b) Numerical forecasting models, integrating more and more data and solving more and more rapidly their management implied by the equations of the dynamics of the atmosphere. Today, the computers on which these models run have a computing power of the order of magnitude of 10 billion operations per second.
These models, too, are the result of scientific research funded by taxpayers in different countries. One of the most widely used models in the world is the so-called « European » model, which was implemented in 1975 on a global scale and is continually updated today through research involving researchers from more than 30 countries. There are other large-scale numerical models that are the result of national research (in France, the Arpège model, in the USA the ETA model, etc.).
The outputs of these models (called runs), under certain negotiated conditions, can be made available to users in countries other than the one or ones that financed them. Finally, there are numerical models known as « fine mesh » and on a smaller scale than the global scale in which several NMSs participate, some of which are not part of the European Union (the Aladin consortium, which is developing the homonymous fine mesh model, includes, for example, the contribution of the Moroccan Meteorological Service(5)).
Since the 1980s, progress in weather forecasting has been significant and forecasts have acquired an undeniable economic value, providing decision support in certain areas that are particularly sensitive to the vagaries of the weather (energy production and supply, gas or electricity supply and demand, river management, drinking water production, agriculture, tourism, etc., all activities that are useful to the community and that depend heavily on the vagaries of the weather). On the other hand, the media, mainly audio-visual, traditionally offering weather reports that are very popular with the general public, were increasingly courted by advertising agencies. The presence of advertising in prime time prompted the media to renew the presentation of their newscasts by integrating more and more imagery and by formatting their content to meet the public’s supposed demand.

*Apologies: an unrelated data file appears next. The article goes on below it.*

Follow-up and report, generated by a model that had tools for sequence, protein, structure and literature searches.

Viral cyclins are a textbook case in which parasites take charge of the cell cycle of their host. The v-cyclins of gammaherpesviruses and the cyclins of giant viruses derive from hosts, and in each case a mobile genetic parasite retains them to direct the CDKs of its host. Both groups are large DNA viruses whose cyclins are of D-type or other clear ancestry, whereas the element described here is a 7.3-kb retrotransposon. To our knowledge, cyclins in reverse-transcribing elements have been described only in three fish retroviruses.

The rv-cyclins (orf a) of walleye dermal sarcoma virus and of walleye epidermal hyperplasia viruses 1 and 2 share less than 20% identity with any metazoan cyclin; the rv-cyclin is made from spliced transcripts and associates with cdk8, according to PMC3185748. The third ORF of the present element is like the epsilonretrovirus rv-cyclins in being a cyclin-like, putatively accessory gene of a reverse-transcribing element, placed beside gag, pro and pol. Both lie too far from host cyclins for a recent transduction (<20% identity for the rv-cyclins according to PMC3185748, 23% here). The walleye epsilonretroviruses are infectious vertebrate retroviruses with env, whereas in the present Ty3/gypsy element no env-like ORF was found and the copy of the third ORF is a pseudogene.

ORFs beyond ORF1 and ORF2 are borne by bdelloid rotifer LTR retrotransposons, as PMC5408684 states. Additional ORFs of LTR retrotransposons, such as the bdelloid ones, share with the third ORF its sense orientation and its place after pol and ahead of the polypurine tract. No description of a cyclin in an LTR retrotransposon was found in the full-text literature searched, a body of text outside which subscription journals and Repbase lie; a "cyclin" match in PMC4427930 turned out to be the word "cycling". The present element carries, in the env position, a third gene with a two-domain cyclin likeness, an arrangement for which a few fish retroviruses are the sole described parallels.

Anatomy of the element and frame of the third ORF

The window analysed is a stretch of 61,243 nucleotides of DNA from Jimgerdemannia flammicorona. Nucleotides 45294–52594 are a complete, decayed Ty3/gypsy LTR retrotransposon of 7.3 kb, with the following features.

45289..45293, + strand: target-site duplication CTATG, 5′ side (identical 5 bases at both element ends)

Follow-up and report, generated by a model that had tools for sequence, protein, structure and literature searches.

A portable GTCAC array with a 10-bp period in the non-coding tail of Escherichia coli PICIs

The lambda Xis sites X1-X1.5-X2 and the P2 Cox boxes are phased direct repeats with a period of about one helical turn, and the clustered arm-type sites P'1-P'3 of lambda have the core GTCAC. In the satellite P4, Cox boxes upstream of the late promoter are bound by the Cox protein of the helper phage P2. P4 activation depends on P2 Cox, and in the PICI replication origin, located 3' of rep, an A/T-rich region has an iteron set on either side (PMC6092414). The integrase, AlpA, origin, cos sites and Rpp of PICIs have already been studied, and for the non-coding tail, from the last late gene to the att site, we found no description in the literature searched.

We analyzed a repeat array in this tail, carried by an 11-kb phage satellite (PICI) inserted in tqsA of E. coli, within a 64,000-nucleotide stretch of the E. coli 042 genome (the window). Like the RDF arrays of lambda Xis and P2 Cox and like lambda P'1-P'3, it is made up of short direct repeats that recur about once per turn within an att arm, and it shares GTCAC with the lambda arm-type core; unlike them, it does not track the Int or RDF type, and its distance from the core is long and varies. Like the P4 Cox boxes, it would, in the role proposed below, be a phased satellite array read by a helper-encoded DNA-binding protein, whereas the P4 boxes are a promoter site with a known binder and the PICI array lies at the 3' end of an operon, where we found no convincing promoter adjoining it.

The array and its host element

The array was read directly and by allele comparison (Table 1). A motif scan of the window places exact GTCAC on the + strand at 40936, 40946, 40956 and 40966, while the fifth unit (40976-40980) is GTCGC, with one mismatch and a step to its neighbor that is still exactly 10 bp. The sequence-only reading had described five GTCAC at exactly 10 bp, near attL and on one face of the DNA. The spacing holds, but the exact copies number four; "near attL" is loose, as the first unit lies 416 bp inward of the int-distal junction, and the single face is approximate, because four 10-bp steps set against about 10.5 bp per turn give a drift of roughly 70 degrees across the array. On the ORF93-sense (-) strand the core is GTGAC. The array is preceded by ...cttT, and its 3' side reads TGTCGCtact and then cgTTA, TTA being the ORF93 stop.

Relying on competition since the 1990s and thus on the abolition of the monopoly of the MNCs, the European Commission nevertheless authorizes, but under rather strict conditions, the maintenance of cooperation between the MNCs, a traditional cooperation which, as mentioned above, has existed in a certain way since the middle of the 19th century.
Within the EU’s MNCs, it was therefore necessary, from the last decade of the 20th century, to organize themselves according to this new vision, which broke with the long tradition of cooperation between the public services of all the countries of the planet, and to integrate a new culture of commercializing information. The traditional « users » (including the States and their various health services…), in the name of this new vision that was imposed, became « clients » of public or private companies (the former Director of the Royal Meteorological Institute of Belgium used to say that the main « client » of his institution was precisely the State).